Extension/flexion movements of elbow joint are widely studied in tetrapods. However, here we also examined elbow abduction/adduction mobility in Caudata, Lepidosarupmorpha and Monotremata (electronic supplementary material, S2). We found that in elbow abduction/adduction, the antebrachium rotates laterally/medially about the humerus, following the radial condyle (see also Landsmeer ). Hence, we consider the elbow joint of tetrapods as a multi-axial joint, and identify the carpal flexor muscles as typically having additional roles as elbow adductors (electronic supplementary material, S2). Long-axis rotatory (i.e. pronation/supination) motion is also an important factor in the forelimbs of some taxa  but is not considered here, particularly because it is difficult to quantify in many taxa.
We categorized forelimb-based horizontal locomotion on the ground according to basic kinematics of motion. The categories were upright/sagittal (U), sprawling (S) and creeping (C) motions. Uncategorizable, unknown or non-forelimb users were defined as ‘X’ (electronic supplementary material, table S1). These groups were subdivided into subcategories based on the absence (A), presence (P) or obscurity (X) of scansorial (climbing-related) abilities (e.g. group ‘UA’ indicates upright/sagittal with no scansorial ability). Animals were categorized as subtype P if scansorial behaviour was reported in the literature, but the levels of those abilities were not taken into account because such fine categorization was deemed too arbitrary. The number of locomotor categorical groups was three (U, S and C) in the main category and five (UA, UP, SA, SP and CP) in subcategories; there are no non-scansorial creeping taxa (CA). Next, we considered differences in the groups of muscles (or any tensile forces) that are expected to act at the elbow joint to resist the ground reaction force (GRF) during the stance phase in each category.
In upright/sagittal postures, the GRF mainly flexes the elbow during the stance phase whether the joint angle is small or large (less than 180°), and the extensor muscles (electronic supplementary material, S3 and table S3) resist this with an extensor moment [39–43]. The extensor muscles mainly insert onto the olecranon process, which functions as a lever. The roles of the abductor/adductors are expected to be minimal, because the limb is moving mostly in a sagittal plane (figure 1a). However, we admit that more three-dimensional studies of forelimb dynamics in such ‘sagittal’ taxa are needed to accurately determine the motions and mechanical roles of muscles. Furthermore, one must be wary of interpreting our qualitative categories too literally as having starkly clear boundaries, because postures may vary widely in extant taxa so categories may be misleading —a point we return to in §4.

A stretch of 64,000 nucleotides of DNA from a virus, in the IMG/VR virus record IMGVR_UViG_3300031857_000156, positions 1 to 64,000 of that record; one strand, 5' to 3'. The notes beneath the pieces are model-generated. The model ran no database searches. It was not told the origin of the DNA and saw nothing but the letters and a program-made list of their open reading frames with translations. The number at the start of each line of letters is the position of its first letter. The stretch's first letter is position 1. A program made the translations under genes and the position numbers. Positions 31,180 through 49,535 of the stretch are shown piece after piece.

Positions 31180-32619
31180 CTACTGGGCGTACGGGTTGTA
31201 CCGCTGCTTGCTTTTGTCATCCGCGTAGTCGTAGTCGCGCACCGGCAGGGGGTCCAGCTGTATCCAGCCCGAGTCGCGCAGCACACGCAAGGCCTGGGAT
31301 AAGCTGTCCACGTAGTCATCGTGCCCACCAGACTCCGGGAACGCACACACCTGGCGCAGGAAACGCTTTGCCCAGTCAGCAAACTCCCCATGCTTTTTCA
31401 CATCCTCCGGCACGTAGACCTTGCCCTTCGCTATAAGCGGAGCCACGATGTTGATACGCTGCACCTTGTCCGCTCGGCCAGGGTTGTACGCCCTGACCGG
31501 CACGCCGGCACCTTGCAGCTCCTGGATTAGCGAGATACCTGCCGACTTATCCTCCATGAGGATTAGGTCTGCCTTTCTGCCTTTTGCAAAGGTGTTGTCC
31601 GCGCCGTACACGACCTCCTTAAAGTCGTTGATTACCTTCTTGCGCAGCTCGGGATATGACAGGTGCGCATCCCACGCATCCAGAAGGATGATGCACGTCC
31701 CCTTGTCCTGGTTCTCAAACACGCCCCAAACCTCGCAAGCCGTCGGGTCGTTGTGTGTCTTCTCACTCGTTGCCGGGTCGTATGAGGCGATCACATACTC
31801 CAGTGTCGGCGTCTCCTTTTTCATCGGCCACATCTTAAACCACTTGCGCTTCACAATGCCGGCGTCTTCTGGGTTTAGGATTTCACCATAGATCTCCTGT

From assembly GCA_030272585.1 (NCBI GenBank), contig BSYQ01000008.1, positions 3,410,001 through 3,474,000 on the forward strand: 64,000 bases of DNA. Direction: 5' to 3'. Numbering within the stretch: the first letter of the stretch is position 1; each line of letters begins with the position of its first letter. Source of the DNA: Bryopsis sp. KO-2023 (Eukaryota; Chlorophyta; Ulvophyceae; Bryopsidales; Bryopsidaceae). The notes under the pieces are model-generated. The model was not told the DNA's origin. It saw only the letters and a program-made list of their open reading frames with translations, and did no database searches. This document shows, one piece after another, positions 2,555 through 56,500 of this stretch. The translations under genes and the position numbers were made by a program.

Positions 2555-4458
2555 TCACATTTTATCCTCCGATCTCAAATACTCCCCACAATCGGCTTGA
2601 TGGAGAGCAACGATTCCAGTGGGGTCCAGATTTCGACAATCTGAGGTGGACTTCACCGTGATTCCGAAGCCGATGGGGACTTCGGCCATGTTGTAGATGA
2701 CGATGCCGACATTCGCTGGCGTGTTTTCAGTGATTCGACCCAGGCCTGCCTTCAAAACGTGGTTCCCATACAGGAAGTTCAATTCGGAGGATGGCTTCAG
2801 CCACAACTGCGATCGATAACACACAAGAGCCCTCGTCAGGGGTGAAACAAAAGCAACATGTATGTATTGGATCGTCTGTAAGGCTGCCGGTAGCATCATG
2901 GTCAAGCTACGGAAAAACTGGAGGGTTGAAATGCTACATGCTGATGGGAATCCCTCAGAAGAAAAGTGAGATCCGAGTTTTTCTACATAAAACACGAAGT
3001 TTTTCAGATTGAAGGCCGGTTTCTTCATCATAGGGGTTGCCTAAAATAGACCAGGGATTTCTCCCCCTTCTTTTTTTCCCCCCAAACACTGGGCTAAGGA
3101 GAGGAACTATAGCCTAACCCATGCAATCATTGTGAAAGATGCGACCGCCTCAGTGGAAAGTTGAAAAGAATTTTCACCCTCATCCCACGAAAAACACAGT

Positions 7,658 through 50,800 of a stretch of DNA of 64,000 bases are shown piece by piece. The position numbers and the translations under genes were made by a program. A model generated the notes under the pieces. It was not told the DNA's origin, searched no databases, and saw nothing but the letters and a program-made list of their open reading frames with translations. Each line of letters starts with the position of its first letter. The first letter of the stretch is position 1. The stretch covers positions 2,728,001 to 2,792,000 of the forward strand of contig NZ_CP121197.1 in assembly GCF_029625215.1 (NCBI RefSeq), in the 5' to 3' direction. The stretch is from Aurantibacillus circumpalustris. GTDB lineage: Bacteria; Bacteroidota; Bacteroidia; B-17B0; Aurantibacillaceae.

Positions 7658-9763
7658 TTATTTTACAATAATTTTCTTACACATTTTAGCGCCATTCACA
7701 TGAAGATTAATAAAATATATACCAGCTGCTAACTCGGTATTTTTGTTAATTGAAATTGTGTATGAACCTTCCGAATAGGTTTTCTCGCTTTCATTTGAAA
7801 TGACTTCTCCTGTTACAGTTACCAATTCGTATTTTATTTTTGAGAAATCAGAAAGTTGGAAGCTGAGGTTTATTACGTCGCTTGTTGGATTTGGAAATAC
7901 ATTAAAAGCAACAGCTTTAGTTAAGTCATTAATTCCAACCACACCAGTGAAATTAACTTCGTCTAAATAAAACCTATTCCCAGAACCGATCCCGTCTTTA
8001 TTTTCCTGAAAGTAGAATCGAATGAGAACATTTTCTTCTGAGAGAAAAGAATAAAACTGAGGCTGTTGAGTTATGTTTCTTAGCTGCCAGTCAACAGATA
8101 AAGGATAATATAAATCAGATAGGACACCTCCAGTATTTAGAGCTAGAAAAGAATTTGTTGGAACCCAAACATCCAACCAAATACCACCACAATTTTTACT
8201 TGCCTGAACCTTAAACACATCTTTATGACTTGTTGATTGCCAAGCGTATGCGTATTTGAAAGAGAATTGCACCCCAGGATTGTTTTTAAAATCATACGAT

During the stance phase in sprawling postures, the GRF is expected to abduct the antebrachium against the humerus around the elbow, so muscles must mainly incur an adduction moment about the elbow joint (figure 1b). Therefore, more sprawling animals are expected to rely more on elbow adductors (electronic supplementary material, table S3).
In addition to upright/sagittal and sprawling postures, we considered a locomotor mode that relies on elbow flexors (electronic supplementary material, table S3). An animal is expected to use elbow flexors when they drag their body forward against friction with the ground (figure 1c). We defined this motion as creeping motion, which is typified by sloths [45,46]. Elbow adductors are expected to play little role during this creeping motion, unless the humerus is strongly rotated medially (internally). We also considered vertical locomotion, as opposed to horizontal locomotion in the other postures, to fit into this category; especially for highly scansorial taxa. The elbow flexor muscles (electronic supplementary material, table S3) are expected to contract when an animal pulls its body upward (figure 1d). The contraction of such muscle is indicated by electromyography . Less scansorial taxa would tend to favour extensor muscle activity about their elbow joints.